The “Granddaddy of Them All” doubles as the opening College Football Playoff semifinal this year, with No. 1 Michigan facing off against No. 4 Alabama in the Rose Bowl.
It’s a dream matchup for anyone not rooting for Florida State, with the two winningest programs in college football history facing off at one of the most iconic venues in sports.
Two standout defensive units will look to shut down opponents who move the ball very differently, making this an intriguing matchup to decide the first finalist.
Here are three key questions for Monday’s contest in California.
Can the Michigan passing attack lift off?
Michigan’s offense is powerful, plodding, efficient, disciplined, and reliable. The Wolverines know what they do well and don’t stray from that en route to putting up over 36 points per contest: eat up chunks of yardage and clock, convert third downs, and give the ball to Blake Corum inside the 5-yard line. Corum leads the country with 24 touchdowns on the season and is essentially a guarantee to convert in short-yardage situations.
Noticeably absent from the above list is the word “explosive.” Only 18 of Michigan’s plays have gone for at least 30 yards, ranking 115th out of 133 FBS teams. J.J. McCarthy is an incredibly efficient quarterback but hasn’t topped the 150-yard passing mark in a game since Nov. 4. That’s a streak of four total games in which the passing attack either wasn’t needed or couldn’t produce. Michigan also hasn’t topped the 31-point mark during that four-game stretch after doing so in each of the five previous matchups.
While they still won those contests thanks to defense and the running game, that blueprint is highly unlikely to work against the Crimson Tide. Saban’s defense has yet to allow a running back to top the 100-yard rushing mark this season, and Michigan will be without All-American offensive lineman Zak Zinter for the contest. That likely puts the onus on the passing attack to generate enough plays to keep the sticks moving. Whether the receiving group can find space against one of the best secondary units in the nation – and whether McCarthy lets it rip – will determine if Michigan can stay in the fight versus the Crimson Tide.
Can Michigan contain Milroe?
While the Michigan offense struggles to create explosive plays, Alabama’s attack essentially needs them to function properly. A total of 23% of the Crimson Tide’s offensive plays go for at least 10 yards, and 50 of Jalen Milroe’s 171 completions this season have gone for at least 20 yards. Since returning to the lineup following his Week 3 benching, Milroe has been one of the SEC’s more dynamic players, averaging over 250 yards of total offense and totaling 28 touchdowns. Georgia coach Kirby Smart offered some very lofty praise for Milroe prior to the SEC title game, likening him to Lamar Jackson.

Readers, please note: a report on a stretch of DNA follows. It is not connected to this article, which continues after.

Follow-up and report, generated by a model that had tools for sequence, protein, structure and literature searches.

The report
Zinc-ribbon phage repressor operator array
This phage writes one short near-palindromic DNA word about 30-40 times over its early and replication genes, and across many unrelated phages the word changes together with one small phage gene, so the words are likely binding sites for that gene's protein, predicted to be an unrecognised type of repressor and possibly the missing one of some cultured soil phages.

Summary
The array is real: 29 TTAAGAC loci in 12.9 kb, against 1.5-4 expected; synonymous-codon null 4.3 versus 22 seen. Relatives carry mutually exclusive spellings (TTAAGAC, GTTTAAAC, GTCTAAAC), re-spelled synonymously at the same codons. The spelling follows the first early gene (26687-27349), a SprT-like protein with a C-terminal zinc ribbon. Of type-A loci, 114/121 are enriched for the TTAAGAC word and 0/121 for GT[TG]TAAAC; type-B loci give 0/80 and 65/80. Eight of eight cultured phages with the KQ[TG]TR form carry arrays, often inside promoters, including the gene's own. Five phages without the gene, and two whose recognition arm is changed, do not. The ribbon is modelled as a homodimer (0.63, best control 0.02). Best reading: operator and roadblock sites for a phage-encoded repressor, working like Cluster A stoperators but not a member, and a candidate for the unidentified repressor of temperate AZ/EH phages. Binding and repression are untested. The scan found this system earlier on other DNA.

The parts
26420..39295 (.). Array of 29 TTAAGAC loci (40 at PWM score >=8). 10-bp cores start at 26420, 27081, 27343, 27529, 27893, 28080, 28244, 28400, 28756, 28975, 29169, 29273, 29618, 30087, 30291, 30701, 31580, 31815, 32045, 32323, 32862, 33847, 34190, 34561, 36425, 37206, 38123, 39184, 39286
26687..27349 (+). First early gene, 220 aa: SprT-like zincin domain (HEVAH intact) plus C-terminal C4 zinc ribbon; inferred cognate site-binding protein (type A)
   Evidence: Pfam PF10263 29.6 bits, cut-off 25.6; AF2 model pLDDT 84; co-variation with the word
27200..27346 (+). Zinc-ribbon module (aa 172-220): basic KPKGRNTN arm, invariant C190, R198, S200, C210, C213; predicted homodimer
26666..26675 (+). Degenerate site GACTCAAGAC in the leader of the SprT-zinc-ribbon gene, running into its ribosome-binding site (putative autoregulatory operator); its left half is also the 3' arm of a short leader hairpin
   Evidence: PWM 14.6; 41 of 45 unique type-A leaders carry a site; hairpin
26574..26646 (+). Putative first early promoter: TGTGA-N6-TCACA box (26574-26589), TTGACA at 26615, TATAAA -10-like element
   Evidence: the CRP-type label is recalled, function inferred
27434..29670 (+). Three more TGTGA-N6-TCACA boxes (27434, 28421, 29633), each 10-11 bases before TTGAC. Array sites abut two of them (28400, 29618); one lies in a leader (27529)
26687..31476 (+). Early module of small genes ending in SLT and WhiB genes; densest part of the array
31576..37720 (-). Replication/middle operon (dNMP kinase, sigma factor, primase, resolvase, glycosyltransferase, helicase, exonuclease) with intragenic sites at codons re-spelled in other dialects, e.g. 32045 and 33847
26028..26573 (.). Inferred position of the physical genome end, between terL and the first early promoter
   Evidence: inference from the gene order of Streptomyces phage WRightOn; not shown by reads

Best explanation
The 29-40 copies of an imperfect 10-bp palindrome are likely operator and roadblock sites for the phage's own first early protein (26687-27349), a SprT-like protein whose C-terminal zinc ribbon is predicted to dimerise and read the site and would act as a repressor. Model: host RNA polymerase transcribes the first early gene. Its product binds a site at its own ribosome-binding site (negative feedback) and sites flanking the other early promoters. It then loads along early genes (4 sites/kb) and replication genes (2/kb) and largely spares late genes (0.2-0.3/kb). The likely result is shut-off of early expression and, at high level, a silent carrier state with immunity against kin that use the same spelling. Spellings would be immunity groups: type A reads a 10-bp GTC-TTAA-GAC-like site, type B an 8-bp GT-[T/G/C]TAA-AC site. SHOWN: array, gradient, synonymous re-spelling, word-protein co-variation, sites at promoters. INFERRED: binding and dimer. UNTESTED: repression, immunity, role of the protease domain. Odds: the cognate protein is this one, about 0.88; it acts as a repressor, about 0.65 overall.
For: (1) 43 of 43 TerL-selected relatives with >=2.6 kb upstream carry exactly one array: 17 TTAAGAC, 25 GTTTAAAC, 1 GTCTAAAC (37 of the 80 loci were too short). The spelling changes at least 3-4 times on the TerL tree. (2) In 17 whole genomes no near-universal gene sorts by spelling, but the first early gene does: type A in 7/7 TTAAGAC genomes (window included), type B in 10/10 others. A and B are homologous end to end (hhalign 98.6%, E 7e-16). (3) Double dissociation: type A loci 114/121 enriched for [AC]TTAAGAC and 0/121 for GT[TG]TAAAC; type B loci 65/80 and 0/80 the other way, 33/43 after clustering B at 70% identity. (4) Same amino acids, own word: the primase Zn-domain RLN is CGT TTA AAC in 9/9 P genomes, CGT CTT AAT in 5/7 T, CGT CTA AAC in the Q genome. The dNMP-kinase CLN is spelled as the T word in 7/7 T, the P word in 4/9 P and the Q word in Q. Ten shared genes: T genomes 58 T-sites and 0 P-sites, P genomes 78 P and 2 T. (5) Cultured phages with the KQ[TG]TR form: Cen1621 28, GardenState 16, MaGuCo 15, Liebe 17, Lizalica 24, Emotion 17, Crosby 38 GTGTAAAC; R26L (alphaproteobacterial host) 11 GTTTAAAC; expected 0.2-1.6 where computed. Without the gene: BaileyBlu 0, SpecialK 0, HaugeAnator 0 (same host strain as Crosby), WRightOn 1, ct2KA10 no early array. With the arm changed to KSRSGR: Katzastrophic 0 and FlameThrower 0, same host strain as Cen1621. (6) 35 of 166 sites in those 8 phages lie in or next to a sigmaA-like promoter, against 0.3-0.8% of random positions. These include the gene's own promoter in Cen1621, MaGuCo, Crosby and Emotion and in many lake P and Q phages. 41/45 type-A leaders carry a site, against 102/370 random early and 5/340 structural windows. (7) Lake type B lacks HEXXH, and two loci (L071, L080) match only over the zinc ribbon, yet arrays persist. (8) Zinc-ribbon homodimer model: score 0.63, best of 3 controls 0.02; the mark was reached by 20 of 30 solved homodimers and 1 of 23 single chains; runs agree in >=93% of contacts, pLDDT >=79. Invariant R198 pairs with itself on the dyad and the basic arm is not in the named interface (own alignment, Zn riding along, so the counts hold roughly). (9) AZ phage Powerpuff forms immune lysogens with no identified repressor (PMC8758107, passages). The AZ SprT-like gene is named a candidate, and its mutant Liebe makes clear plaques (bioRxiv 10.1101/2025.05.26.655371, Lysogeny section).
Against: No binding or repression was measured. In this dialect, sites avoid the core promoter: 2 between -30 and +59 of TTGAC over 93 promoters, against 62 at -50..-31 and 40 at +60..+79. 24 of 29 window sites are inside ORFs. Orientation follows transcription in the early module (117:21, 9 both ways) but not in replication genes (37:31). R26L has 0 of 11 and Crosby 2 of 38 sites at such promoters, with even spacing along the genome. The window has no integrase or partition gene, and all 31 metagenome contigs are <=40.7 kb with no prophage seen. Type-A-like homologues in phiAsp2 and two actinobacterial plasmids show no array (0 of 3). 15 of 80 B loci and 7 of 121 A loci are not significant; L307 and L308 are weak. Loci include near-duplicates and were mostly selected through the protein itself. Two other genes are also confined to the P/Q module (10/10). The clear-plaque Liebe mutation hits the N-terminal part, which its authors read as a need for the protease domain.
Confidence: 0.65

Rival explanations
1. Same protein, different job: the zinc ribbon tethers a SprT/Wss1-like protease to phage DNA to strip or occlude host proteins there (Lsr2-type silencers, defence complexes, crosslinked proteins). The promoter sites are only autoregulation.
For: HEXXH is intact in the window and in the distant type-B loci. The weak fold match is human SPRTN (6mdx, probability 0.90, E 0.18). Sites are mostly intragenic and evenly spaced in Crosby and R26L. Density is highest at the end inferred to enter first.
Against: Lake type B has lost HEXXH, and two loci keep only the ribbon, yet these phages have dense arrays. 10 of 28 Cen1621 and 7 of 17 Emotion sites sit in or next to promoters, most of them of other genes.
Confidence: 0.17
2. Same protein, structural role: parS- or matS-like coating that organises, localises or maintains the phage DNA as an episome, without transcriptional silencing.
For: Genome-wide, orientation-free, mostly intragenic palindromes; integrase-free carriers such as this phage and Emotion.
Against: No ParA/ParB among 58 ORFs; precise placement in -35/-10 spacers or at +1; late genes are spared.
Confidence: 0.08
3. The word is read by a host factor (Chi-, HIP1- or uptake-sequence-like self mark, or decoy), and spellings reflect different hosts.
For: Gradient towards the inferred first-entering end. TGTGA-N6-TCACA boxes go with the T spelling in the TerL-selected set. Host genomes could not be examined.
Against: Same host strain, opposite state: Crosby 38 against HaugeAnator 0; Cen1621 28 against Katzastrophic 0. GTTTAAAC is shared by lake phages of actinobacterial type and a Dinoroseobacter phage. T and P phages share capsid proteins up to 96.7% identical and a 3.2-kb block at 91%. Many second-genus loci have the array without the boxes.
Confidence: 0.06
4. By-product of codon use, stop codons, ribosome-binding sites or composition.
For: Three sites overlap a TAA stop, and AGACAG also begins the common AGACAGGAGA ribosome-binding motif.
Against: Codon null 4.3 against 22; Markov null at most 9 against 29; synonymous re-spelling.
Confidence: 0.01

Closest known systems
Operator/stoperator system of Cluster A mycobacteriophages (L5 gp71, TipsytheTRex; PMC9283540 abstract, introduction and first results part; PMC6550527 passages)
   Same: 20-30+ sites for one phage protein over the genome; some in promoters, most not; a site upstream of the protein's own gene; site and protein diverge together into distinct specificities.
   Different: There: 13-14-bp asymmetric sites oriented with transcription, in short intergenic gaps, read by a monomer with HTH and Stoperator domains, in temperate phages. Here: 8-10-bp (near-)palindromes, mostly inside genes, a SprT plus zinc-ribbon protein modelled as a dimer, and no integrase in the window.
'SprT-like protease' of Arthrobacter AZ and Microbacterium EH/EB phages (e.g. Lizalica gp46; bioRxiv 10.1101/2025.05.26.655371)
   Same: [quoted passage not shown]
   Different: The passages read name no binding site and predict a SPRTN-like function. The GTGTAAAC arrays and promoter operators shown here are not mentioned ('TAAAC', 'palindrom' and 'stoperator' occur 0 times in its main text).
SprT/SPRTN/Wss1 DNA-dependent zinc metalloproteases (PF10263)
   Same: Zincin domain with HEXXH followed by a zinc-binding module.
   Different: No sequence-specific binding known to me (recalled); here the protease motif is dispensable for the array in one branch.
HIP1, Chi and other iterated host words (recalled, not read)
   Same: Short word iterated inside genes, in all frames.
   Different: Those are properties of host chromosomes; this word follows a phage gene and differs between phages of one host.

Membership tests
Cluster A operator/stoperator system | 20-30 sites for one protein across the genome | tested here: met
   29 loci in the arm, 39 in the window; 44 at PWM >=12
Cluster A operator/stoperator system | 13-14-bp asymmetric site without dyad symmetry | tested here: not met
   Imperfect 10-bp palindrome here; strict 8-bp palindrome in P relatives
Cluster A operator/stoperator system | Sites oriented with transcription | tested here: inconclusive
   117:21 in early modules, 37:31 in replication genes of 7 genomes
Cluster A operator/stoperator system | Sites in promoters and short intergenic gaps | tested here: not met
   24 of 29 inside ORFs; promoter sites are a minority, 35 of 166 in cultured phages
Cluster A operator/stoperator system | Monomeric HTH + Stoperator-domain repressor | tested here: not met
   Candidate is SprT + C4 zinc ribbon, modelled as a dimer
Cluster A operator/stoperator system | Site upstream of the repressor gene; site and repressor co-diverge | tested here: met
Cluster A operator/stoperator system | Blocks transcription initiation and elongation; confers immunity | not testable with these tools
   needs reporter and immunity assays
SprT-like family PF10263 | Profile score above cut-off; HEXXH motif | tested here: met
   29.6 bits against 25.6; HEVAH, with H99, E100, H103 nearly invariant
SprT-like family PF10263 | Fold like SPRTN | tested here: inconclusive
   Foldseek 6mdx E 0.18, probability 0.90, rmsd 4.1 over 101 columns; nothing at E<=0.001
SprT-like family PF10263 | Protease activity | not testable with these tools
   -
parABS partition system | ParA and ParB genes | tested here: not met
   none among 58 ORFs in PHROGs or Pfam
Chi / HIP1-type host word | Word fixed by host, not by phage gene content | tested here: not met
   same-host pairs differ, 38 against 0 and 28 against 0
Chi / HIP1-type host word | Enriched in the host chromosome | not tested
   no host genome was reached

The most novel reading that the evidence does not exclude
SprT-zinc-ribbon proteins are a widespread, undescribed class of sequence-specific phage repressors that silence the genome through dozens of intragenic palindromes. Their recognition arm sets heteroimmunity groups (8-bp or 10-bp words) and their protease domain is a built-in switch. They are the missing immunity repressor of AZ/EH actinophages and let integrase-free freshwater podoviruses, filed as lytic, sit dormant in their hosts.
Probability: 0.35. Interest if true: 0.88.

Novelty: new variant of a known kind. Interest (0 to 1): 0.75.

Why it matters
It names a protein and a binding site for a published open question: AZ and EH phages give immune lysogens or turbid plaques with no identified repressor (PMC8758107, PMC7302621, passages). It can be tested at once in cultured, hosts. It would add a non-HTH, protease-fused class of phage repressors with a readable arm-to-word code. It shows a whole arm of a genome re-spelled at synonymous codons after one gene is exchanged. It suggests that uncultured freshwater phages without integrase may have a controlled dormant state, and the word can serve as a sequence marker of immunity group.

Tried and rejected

“(When playing Madden, my sons would) say, ‘I’ve got Lamar Jackson, and nobody can tackle him.’ This guy is a bigger, more physical version of that,” Smart said, per Dean Straka of CBS Sports. “He is playing in a different speed than anybody else when you watch him.”
Milroe passed his toughest test of the season in the SEC title game upset victory over Georgia, but the degree of difficulty remains high in the Rose Bowl. Michigan’s defensive stats have certainly been helped by playing a number of the Big Ten’s offensively averse programs, but it remains one of the country’s best. The secondary is particularly elite – led by the ball-hawking Mike Sainristil and standout corner Will Johnson. That pair will certainly try to bait Milroe into some dangerous throws that could lead to crucial turnovers.
Will Saban add to Harbaugh’s CFP woes?
One coach in the Rose Bowl this year has garnered endless media attention and made national headlines throughout the entire college football season. The other is Nick Saban.
Jim Harbaugh has served two separate three-game suspensions this year, is currently facing a potential Level I violation levied by the NCAA, and is widely rumored to be heading to the NFL once this season ends. Despite all the drama swirling around the Michigan program – from both the recruiting violation charges and sign-stealing scandal – the Wolverines have remained unbothered on the field and head to their third straight CFP semi. Unfortunately, the previous trips have produced troubling results in the form of a 2021 blowout by Georgia and last year’s shocking upset by TCU.
With 15 practices over the four weeks between the conference title game and the semifinal, coaching can play a huge difference in deciding the eventual winner and loser. Since losing to eventual champion Ohio State in 2014, Saban is a perfect 6-0 in the semifinal when given at least three weeks to prepare. Turns out giving arguably the best coach in college football history a lengthy period to game plan for an opponent is a significant advantage.
Harbaugh has clearly built an incredible Michigan program that can function at a high level whether he’s on the sideline or not. He’s beaten Ohio State in three straight years and claimed the first three-peat for outright Big Ten titles in Michigan history. The only thing missing on his resume at his alma mater is CFP success. All that stands in his way is the unquestioned GOAT of the modern college football era.